The bridled quail-dove (Geotrygon mystacea) is a species of bird in the family Columbidae. It is found from Saint Lucia in the Lesser Antilles north and west to Puerto Rico. Specimens of bridled quail-dove from several islands had mean weights between 208 and 224 g (7.3 and 7.9 oz) with fairly large standard deviations. These data and measurements of various body parts suggest that the species "has low morphometric variance across its distribution."
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The Bridled Quail-Dove is an extremely rare resident species in Puerto Rico (Raffaele and others 1998). On Vieques, it is described as a rare resident, restricted to the higher elevations of Mt. Pirata and Cerro El Buey (Gemmill 2015), and there are also records from Culebra (Biaggi 1997). This species is a secretive forest dweller that prefers dense mountain or lowland woodlands (Boal 2011, Raffaele and others 1998). The atlas fieldwork yielded a total of 10 records within three hexagons or 0.6 percent of the 479 total hexagons (see map). Of the three hexagons where this species was found, breeding met the atlas definition of confirmed in 33 percent (one) of the hexagons and possible in 67 percent (two) (see map).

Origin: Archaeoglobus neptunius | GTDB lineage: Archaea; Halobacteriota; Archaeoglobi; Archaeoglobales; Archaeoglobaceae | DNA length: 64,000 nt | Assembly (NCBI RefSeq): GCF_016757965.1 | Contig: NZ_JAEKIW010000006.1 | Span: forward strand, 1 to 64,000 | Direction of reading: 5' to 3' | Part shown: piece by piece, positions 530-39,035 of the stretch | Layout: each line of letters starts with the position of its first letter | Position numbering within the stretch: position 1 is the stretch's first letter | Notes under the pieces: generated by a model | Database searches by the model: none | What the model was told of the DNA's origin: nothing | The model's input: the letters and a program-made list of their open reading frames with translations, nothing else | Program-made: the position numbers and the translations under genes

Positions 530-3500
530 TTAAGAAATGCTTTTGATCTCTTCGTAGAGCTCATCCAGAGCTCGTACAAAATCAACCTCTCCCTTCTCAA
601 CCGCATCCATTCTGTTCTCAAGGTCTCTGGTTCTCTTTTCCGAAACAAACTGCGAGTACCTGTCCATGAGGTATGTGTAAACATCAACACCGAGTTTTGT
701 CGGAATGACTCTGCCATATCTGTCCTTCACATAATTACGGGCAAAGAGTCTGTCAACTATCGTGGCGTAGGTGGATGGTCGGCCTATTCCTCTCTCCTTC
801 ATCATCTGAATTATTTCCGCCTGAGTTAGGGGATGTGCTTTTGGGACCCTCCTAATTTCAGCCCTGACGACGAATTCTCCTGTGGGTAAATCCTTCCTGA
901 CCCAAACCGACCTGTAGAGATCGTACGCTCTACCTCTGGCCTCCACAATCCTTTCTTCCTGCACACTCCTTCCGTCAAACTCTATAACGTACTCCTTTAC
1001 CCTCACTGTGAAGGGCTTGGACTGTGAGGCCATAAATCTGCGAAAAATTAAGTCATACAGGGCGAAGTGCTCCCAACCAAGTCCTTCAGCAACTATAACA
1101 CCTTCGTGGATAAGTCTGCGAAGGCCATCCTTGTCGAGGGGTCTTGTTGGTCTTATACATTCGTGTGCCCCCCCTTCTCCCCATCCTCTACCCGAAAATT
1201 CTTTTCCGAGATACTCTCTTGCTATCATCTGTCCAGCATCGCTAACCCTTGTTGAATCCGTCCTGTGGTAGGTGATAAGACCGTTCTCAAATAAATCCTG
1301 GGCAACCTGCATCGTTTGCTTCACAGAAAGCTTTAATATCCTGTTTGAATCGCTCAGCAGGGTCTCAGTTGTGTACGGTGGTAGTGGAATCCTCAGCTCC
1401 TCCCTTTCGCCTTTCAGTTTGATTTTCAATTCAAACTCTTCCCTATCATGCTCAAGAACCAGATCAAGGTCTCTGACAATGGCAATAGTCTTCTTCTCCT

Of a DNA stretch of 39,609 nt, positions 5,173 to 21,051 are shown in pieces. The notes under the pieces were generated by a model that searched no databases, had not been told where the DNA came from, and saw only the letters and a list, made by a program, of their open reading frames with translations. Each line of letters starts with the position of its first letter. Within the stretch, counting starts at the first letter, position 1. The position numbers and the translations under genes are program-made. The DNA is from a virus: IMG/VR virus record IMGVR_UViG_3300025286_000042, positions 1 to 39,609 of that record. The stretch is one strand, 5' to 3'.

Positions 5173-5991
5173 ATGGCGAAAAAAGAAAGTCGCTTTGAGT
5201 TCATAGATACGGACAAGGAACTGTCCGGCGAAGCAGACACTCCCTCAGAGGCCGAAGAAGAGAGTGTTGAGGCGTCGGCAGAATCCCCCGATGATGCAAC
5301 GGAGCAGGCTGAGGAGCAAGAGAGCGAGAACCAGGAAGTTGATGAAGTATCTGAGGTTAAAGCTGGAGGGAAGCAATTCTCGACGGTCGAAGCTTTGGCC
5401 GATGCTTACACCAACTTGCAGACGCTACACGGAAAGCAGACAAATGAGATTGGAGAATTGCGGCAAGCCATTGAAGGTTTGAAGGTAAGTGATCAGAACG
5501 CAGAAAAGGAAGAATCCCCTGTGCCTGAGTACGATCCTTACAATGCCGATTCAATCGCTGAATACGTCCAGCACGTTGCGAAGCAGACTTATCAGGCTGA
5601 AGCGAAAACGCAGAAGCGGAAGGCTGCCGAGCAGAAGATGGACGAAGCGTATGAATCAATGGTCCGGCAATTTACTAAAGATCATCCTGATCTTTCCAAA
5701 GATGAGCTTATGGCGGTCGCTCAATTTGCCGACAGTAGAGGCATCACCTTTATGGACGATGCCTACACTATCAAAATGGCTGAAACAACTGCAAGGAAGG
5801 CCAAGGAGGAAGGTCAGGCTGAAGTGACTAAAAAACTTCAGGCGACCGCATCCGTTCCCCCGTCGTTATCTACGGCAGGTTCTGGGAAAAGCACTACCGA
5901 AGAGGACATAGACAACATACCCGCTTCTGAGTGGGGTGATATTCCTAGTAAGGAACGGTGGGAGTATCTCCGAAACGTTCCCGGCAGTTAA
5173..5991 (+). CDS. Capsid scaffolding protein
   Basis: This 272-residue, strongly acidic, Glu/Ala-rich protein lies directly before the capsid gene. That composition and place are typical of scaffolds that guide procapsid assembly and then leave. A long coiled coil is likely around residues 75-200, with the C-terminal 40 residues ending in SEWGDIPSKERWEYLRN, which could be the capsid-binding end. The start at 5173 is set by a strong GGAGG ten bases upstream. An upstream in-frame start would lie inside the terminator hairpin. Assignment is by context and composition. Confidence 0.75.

Bridled Quail-Dove nests are small platforms of twigs that are placed in vines, shrubs, and trees at a low height. Previously published reports indicate that breeding takes place primarily from May to July but also from October to December (Boal 2011, Raffaele and others 1998). Atlas results do not show a clear Bridled Quail-Dove distribution. The map shows the highest breeding code by hexagon and overlaying the ecological life zones in Puerto Rico. Note: percentages may not total 100 due to rounding. 59Bridled Quail-Dove/Paloma Perdiz de Martinicapattern as evidence of breeding is very low for this species (see chart). Results show that all breeding activity was associated with the subtropical moist forest life zone (100 percent of the hexagons) (see table and map).
The Bridled Quail-Dove population is suspected to be declining owing to habitat alteration and loss throughout its distribution (mostly the eastern Caribbean and Virgin Islands); introduction of mongooses (Herpestes auropunctatus), cats (Felis catus), and rats (Rattus spp.) to islands; and hunting (Boal 2011). However, the Bridled Quail-Dove is listed as a species of least concern by the IUCN (BirdLife International 2016), whereas in Puerto Rico it is a conservation priority due to lack of data (PRDNER 2015, 2016). In Puerto Rico, the Bridled Quail-Dove has a protected habitat in land of 23 percent or 16 km2 of the total area covered by the hexagons where evidence of breeding was found for this species (71 km2).